A report in Bloomberg reveals the origins of the company. In 2014, 57 stock and bond traders "lent their bodies to science" by allowing MIT finance professor Andrew Lo to monitor their actions in a conference room. The study subjects were given a $3 million risk limit and told to make money in various markets. Lo discovered that the successful subjects were "emotional athletes. Their bodies swiftly respond to stressful situations and relax when calm returns, leaving them primed for the next challenge." Traders who encountered problems "were hounded by their mistakes and remained emotionally charged, as measured by their heart rate and other markers such as cortisol levels, even after the volatility subsided."

Submission + - Google Program Seeks to Deradicalize Jihadis and American Right Wing Extremists writes: Nami LaChance writes at The Intercept that a google-incubated program that targets potential ISIS members with deradicalizing content will soon be used to target violent right-wing extremists in North America. Using research and targeted advertising, the initiative by London-based startup Moonshot CVE and Google’s Jigsaw technology incubator targets potentially violent Jihadis and directs them to a YouTube channel with videos that refute ISIS propaganda. In the pilot program countering ISIS, the so-called Redirect Method collected the metadata of 320,000 individuals over the course of eight weeks, using 1,700 keywords, and served them advertisements that led them to the videos. “I think this is an extremely promising method,” says Richard Stengel, U.S. Undersecretary of State for public diplomacy and public affairs. In the ISIS pilot program, the YouTube channel pulls preexisting videos that, according to Yasmin Green, the head of research and development for Jigsaw, “refute ISIS’s messaging.” One video is from a woman who secretly filmed her life in ISIS-controlled Raqqa. Another shows young people in Mosul, their faces obscured by keffiyehs for their protection, talking about life under the Islamic State. “The branding philosophy for the entire pilot project was not to appear judgmental or be moralistic, but really to pique interest of individuals who have questions, questions that are being raised and answered by the Islamic State,” Green said.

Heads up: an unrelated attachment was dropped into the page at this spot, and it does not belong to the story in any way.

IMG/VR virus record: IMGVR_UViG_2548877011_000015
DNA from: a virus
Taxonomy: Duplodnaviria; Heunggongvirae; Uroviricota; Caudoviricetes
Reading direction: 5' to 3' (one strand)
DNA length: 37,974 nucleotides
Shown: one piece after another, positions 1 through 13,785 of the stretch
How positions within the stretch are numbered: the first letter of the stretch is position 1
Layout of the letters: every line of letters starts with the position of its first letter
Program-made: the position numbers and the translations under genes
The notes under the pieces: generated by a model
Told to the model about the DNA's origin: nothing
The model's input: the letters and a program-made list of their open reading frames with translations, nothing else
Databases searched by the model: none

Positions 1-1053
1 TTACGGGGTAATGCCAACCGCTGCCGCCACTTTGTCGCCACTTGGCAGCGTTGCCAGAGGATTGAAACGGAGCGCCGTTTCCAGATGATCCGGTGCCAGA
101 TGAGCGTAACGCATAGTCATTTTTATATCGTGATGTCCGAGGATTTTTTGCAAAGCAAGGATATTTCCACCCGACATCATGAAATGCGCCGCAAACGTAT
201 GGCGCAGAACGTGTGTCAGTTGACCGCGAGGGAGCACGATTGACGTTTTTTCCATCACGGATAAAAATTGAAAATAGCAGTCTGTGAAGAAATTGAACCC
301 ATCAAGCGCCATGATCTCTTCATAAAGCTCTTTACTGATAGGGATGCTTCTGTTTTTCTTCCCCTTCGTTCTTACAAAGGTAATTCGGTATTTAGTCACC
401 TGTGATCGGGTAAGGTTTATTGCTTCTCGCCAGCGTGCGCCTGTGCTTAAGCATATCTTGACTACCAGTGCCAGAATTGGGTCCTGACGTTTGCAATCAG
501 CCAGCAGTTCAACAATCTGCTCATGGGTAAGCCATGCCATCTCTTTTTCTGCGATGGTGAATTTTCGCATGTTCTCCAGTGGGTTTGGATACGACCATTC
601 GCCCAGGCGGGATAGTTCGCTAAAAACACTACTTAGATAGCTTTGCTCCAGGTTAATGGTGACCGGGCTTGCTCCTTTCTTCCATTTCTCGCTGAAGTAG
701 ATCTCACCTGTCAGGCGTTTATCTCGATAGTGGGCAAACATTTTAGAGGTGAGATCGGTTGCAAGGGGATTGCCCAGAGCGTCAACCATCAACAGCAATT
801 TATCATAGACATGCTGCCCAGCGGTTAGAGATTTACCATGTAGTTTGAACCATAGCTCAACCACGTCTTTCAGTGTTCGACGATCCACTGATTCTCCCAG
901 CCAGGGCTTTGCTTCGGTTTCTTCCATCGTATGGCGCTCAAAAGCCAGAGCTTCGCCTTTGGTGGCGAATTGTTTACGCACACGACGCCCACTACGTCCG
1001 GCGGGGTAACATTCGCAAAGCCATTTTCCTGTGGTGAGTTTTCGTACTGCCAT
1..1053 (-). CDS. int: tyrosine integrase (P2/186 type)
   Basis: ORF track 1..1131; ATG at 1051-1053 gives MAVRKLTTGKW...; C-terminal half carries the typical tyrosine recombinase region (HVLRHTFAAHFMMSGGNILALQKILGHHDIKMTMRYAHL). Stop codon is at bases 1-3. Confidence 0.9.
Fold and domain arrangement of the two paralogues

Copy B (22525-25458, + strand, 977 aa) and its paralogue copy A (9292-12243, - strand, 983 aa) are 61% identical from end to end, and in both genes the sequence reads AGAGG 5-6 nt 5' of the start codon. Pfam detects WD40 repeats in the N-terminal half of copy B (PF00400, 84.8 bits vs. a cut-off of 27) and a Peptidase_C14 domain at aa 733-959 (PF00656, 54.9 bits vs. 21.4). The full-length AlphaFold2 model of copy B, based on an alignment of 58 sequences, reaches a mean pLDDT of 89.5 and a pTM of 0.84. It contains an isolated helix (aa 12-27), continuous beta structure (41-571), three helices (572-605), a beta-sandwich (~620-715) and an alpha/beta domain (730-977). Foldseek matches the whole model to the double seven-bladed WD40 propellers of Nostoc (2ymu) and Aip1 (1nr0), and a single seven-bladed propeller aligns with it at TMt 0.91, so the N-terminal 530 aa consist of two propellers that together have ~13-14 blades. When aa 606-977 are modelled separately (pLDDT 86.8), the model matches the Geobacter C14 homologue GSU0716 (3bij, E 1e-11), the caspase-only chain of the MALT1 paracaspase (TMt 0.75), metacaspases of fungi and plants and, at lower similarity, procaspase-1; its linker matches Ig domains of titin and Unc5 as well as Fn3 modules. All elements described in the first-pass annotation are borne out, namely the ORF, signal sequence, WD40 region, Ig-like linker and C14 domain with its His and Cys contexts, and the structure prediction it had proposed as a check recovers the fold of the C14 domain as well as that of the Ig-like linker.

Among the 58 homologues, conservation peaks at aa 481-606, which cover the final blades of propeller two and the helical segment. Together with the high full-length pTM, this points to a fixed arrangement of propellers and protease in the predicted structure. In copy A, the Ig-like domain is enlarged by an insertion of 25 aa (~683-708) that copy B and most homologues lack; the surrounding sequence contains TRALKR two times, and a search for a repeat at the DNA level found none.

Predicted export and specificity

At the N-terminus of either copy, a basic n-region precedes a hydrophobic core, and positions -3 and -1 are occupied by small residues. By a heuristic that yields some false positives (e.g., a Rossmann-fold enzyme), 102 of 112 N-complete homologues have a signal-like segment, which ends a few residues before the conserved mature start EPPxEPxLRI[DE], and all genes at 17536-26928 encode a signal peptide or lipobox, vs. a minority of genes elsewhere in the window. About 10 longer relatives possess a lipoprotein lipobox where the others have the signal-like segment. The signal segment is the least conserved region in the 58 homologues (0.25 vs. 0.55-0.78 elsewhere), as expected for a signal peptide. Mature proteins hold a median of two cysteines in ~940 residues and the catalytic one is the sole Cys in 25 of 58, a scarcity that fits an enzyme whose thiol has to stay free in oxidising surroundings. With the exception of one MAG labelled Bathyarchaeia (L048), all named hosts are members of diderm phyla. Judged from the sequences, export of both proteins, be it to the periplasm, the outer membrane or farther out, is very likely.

Ross Frenett, co-founder of Moonshot, says his company and Jigsaw are now working with funding from private groups to target other violent extremists, including the hard right in America. “Our efforts during phase two, when we’re going to focus on the violent far right in America, will be very much focused on the small element of those that are violent. The interesting thing about how they behave is they’re a little bit more brazen online these days than ISIS fan boys,” says Frenett.

Submission + - IBM Launches Linux Server Range Targeted at Artificial Intelligence Tasks (

An anonymous reader writes: IBM today launched a range of Linux-based servers specifically engineered for high performance in tasks related to artificial intelligence, deep learning and advanced analytics – with a central mission to increase data centre efficiency. The elaborately-named IBM Power Systems S822LC for High Performance Computing uses NVidia's NVLink high-speed interconnect to create a notably faster CPU/GPU throughput than is currently possible over a PCIe bus, or with previous X86 offerings. Early tests with Tencent reveal a threefold performance increase, even at 2/3rds blade deployment.

Submission + - JavaScript Evangelist Douglas Crockford Loses Keynote Spot